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Our holdings include hundreds of glass and film negatives/transparencies that we've scanned ourselves; in addition, many other photos on this site were extracted from reference images (high-resolution tiffs) in the Library of Congress research archive. (To query the database click here.) They are adjusted, restored and reworked by your webmaster in accordance with his aesthetic sensibilities before being downsized and turned into the jpegs you see here. All of these images (including "derivative works") are protected by copyright laws of the United States and other jurisdictions and may not be sold, reproduced or otherwise used for commercial purposes without permission.

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[REV 25-NOV-2014]

 
 
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VINTAGRAPH • WPA • WWII • CARNAVAL EN LA HABANA, 1941

SeaWorld 1967

SeaWorld 1967

Between the freaky looking orange guitar playing fish, the scary dolphin behind it, the wide-eyed penguin on the left and the lobster with eyelashes in front of it, this photo is just a little bit creepy. Also notice the Hawaiian Punch near the bottom.

Scanned from a Kodak safety negative. View full size.

Hawaiian Punch Village

This is a photo of the animatronic band in the foyer of the Hawaiian Punch Village restaurant at Sea World. The restaurant was sponsored by Hawaiian Punch and was in the shape of a Polynesian longhouse. You crossed a bridge over a pond to enter and there were lots of carved tiki poles outside. Inside you could order your Hawaiian Punch in a souvenir tiki mug and take it home with you afterwards.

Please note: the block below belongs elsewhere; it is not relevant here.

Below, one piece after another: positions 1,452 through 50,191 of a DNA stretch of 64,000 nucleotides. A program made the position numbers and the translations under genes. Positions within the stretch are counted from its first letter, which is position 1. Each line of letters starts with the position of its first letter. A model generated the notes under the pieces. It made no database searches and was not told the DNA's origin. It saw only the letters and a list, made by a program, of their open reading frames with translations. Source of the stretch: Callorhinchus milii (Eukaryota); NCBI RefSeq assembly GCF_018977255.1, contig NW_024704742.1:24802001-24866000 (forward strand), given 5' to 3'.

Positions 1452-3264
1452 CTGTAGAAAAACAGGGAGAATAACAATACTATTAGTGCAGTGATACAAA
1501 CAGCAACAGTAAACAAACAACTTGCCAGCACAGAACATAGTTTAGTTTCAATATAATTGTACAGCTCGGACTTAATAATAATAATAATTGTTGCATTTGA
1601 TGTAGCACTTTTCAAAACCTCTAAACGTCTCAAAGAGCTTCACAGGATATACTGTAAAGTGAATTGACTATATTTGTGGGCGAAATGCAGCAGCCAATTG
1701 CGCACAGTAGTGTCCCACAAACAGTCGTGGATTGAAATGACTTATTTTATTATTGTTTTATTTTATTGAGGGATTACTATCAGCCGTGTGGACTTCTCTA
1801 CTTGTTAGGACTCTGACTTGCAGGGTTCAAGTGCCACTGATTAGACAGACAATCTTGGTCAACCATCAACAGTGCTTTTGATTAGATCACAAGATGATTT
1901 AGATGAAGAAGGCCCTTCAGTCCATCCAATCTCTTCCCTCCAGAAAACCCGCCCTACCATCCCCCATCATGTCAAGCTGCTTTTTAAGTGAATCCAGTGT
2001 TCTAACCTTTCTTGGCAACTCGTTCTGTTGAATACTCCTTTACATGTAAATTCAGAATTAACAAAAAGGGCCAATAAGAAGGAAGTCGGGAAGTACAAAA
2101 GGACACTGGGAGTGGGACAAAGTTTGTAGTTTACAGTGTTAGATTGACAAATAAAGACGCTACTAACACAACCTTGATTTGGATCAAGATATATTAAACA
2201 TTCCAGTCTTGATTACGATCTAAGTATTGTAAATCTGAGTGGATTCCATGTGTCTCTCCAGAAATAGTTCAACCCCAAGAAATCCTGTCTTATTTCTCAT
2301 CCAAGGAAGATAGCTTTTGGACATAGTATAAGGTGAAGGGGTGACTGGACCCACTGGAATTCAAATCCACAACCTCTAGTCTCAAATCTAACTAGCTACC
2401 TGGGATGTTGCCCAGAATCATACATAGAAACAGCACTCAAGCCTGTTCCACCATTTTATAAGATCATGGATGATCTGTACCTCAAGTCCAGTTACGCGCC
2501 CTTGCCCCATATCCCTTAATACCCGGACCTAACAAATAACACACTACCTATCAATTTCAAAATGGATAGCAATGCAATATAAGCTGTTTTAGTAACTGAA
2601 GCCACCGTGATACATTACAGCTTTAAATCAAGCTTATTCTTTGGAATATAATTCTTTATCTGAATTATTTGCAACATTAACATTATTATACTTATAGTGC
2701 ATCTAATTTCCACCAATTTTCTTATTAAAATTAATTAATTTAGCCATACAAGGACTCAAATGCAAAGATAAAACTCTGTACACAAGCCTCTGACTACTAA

I really like that carved tiki on the left-hand side. Classic late-60s era.

Much of the architecture of the San Diego Sea World was Polynesian in style, including the soaring A-frame entrance.

How'd You Like a Nice Hawaiian Punch?

I recall Hawaiian Punch being a sponsor at San Diego's SeaWorld. I still have the tiki mug, circa 1973.

Quite trippy

I love it, good old fashioned nightmare fuel.

 
THE 100-YEAR-OLD PHOTO BLOG
Shorpy.com | History in HD is a vintage photo blog featuring thousands of high-definition images from the 1850s to 1950s. The site is named after Shorpy Higginbotham, a teenage coal miner who lived 100 years ago.

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